What should I do when my computer locks-up
25 Monday Feb 2013
We’ve been asked a number of times by many users, what should they do when the computer freezes and locks-up? Picture this, you are surfing the Internet, listening to music and maybe writing an email or two when all of a sudden your computer freezes up. You panic. You’re not sure what to do. You think, should I reach for the power button or call the helpdesk? Thankfully, there are a few great ways to fix a frozen computer and identify the problem at the same time.
First and foremost, I never get tired of telling clients, backup, backup, backup! As a good rule of thumb, always save frequently and back up your work; especially if you are working on a large document or project. If the machine is running sluggish, but not yet frozen, there are several other ways to speed things up. But if your Mac or PC starts to slow down and its hard drive seems to stop altogether, follow our antifreeze recipe before forcing the computer to shut down (which should be a LAST resort, as you WILL probably lose your precious data!).
Here’s are some suggestions on what to do if your computer freezes…
First, during start up…
- If your PC seems to take a long time, try to remove items in your StartUp folder and any other programs that are setup to “auto-start” on login
- If you have a Mac and it delays for a second or shows a question mark when booting up, try going to System Preferences > Startup Disk > and select a disk, if there isn’t one already selected.
- Try disconnecting everything that’s plugged into your computer. If your computer later starts up with no hubs, extension cords, USB, or Thunderbolt devices plugged in, one of those external devices was likely the culprit. If it is because of these plugged-in devices, then try installing the latest drivers for the device, or read its manual for troubleshooting steps.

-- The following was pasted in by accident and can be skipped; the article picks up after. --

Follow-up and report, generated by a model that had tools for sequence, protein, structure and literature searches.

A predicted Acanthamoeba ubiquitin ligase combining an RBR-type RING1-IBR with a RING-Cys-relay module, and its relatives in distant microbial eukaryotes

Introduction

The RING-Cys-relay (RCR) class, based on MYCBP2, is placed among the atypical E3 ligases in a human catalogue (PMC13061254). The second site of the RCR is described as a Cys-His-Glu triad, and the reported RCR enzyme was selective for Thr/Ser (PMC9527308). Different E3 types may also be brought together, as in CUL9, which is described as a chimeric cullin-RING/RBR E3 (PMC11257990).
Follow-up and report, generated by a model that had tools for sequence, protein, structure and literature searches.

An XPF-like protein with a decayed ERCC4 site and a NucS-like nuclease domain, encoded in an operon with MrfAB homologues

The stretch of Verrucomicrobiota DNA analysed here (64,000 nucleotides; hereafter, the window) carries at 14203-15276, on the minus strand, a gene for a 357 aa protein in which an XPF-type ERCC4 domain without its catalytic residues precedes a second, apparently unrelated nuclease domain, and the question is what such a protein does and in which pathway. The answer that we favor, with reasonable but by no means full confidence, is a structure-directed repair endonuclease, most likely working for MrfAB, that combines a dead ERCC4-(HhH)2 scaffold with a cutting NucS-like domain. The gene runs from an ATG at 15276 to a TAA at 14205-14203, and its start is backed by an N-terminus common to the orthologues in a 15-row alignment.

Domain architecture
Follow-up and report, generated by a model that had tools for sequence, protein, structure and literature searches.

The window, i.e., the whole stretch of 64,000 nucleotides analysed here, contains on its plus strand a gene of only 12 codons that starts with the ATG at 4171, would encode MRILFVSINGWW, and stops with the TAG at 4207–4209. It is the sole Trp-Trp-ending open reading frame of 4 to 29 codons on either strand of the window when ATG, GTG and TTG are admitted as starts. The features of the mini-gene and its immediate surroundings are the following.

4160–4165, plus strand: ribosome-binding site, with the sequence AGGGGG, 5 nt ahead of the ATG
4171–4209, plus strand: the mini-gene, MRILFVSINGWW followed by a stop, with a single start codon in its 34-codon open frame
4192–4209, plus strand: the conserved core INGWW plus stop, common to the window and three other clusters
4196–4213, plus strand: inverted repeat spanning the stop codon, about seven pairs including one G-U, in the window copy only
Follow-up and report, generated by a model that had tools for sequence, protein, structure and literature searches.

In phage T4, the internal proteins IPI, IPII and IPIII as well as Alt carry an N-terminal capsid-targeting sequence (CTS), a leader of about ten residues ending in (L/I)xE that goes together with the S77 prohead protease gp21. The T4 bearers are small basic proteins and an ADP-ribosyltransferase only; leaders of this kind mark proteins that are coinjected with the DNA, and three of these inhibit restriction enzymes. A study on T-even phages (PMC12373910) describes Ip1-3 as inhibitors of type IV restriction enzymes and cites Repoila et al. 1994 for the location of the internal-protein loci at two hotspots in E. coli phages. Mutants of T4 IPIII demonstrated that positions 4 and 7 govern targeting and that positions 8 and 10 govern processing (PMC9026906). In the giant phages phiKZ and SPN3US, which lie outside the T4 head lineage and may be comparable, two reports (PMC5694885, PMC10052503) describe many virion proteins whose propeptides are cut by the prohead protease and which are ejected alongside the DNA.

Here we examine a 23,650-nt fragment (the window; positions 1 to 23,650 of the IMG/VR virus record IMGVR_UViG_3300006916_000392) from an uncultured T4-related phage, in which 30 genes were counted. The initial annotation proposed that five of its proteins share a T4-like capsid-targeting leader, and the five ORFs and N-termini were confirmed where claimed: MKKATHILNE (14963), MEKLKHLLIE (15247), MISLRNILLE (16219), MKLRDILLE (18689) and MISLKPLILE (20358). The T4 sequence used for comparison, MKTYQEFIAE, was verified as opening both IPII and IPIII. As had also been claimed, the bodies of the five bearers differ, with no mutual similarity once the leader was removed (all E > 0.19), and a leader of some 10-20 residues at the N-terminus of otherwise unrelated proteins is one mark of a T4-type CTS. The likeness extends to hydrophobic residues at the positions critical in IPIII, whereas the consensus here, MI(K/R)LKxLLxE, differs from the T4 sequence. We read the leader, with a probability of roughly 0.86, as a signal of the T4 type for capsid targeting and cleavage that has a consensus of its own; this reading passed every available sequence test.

- If the Apple logo does not appear after powering on the computer, then force shut the device down and, when it starting up again, hold down the option key until disk icons appear. Select one of the disks (for now, it doesn’t matter). After the desktop is fully loaded, go to System Preferences > Startup Disk > and select a disk.
But what should you do when things get bad randomly or while running an application after the break.
If you’re running an application and the system seems to be unstable…
If you can see your cursor and it moves, then the sluggishness is caused by one single program.
- On a PC, hit CTRL + ALT + Delete > End Task to force quit the application.
- On a Mac, use one of these shortcuts:
- To stop a process: command + period (.)
- Open the Force Quit Applications window: command + option + escape
- Sleep, restart, or shut down the computer: control + media eject key (shows a triangle with a bar below it)
- Quit all apps and restart: command + control + media eject key
- The issue may be recurring, in which case you should uninstall any app plug-ins or enhancements from other manufacturers. It may no longer be compatible with the application after a system update.
If it appears to be happening randomly… Sometimes the entire system locks up, or the cursor will not move or disappears altogether. If force quitting the applications and waiting doesn’t work, then shut down the computer by holding the power button.
- On a PC, an important system document may have been corrupted or deleted accidentally. Go to Start > Accessories > System Tools > run the system restore utility. This will reset any registry issues without deleting any of your current files or personal settings.
- Restart your Mac in “safe mode” to help diagnose the problem. After pressing the power button, wait for the startup tone, and then hold down the shift key. Let go of the shift key once the Apple logo and spinning gear appear.
Don’t forget to backup your data!
For more information or other tips, please click here to read the whole GeekSugar article…